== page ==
The witness said as Mr Giwa and Anthony were “in a tussle” the accused saw what happened, screamed and came towards them with a blade in his hand.

Mr Fayemi said he saw the accused take a pocket knife or a flick-out knife out of the back pocket of his shorts.

Mr Fayemi said he saw the accused run up, raise his arm, swing back and “strike” the blade in a downward direction into Mr Giwa’s neck. The witness said the accused swung the blade at him when he tried to intervene but he “dodged it”.

The witness suggested to the jury that the accused could have also accidentally struck his father in the eye with the blade but was asked by counsel not to speculate about what may or may not have happened. In his opening address, Mr Byrne said the accused’s father Anthony sustained “a cut type or stab type injury to the left eye” during the altercation and subsequently required treatment in hospital.

Mr Fayemi said Mr Giwa was bleeding very badly from his neck and had collapsed. He said the accused’s father told his son in Yoruba [a language spoken in West Africa] to “let’s go, run, run”.

In cross-examination, Brendan Grehan SC, defending Mr Titiloye, asked the witness when did he decide that he was going to take the opportunity when he got into the witness box to blame his client for the injury to his father’s eye. “It’s been something within myself for a very long time,” he replied.

“It didn’t occur to you to tell gardai then or since, you were saving it for when you got into the witness box,” asked Mr Grehan. “Not in that sense, no. I assumed it would have been known,” replied Mr Fayemi.

Mr Fayemi said rumours had been going around that Mr Giwa had stabbed the accused’s father in the eye. He agreed that he had decided to say it “to protect Ademola’s memory”. The witness said the accused was the only one with a blade at the time so “it wouldn’t make sense to say anyone else did it”.

‘Bit of muscle’

The witness agreed that Mr Giwa had got involved in the dispute at his request but denied it was “as a bit of muscle”. He also agreed that Mr Giwa was a “big lad, a fella that worked out in the gym”.

“Not a fella you would mess with, would that be fair?” asked Mr Grehan. “If you want to put it that way,” replied Mr Fayemi.

Asked why they hadn’t parked outside the accused’s house, Mr Fayemi said they “chose” not to park outside Mr Titiloye’s house and instead parked around the corner.

Mr Grehan put it to the witness that they had called Mr Titiloye on the way to his house “to smoke the pipe of peace”. “To resolve the matter,” Mr Fayemi replied.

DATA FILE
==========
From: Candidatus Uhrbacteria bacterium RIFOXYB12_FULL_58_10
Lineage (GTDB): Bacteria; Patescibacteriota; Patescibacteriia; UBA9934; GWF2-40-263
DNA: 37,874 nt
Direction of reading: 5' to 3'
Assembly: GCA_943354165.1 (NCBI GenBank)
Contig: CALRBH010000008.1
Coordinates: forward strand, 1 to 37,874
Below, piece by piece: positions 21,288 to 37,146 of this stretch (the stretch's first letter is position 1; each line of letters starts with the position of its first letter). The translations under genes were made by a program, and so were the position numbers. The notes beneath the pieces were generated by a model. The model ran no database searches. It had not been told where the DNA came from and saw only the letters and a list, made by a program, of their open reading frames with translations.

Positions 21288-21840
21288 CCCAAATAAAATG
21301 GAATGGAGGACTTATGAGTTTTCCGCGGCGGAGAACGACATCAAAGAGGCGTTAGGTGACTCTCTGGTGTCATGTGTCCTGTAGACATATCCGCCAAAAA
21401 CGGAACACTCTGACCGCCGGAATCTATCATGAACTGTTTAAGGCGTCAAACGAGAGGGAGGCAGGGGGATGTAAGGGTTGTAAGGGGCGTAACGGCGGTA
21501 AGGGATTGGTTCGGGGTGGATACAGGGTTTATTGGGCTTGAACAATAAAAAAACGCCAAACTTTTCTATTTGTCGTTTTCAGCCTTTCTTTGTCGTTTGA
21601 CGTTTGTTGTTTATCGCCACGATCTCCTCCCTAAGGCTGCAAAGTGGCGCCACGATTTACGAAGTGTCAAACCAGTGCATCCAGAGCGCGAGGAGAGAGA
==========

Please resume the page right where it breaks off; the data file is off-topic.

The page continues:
The witness agreed that he had tried to imply to the jury that the accused had got him drugs and that Mr Fayemi owed him €100 for it. He also agreed that he had told gardaí that the accused had lent him €100, which he said was a lie at the time.

“Have you come here to blacken John Titiloye in any way in which you can?” asked Mr Grehan. Mr Fayemi denied this suggestion.

Mr Fayemi said he had tried to give the accused money on August 9th but that Mr Titiloye wouldn’t take it off him.

Mr Grehan put it to Mr Fayemi that Mr Giwa had “thrown his weight around” with his client and that the witness had threatened “to shoot” at the accused’s house. “No one said such a thing,” he replied. Asked why Mr Titiloye had made enquiries about getting bulletproof glass on August 10th, Mr Fayemi said that was between the accused and his family.

In re-examination, Mr Fayemi told Mr Byrne that he originally told gardai that he received ‘a lend of money’ from the accused, as he was a bit afraid at the time. He said the €100 was for cannabis.

Mr Grehan suggested to the witness that this was also a lie, which Mr Fayemi denied.

Opening the murder case to the jury on Monday, prosecution barrister Mr Byrne said that Mr Giwa was fatally stabbed in the neck in Tallaght in a row over a small debt and a stolen scooter. The barrister said it was the State’s case that in the course of an argument Mr Titiloye produced a knife and stabbed Mr Giwa in the neck.

The 12 jurors were also told by the State in its opening address that it was the accused’s position that he was in possession of a knife for self defence and having initially walked away from the altercation he returned to protect his father, who sustained a stab type injury to the eye.

The trial continues tomorrow before Mr Justice Paul McDermott and a jury of six men and six women.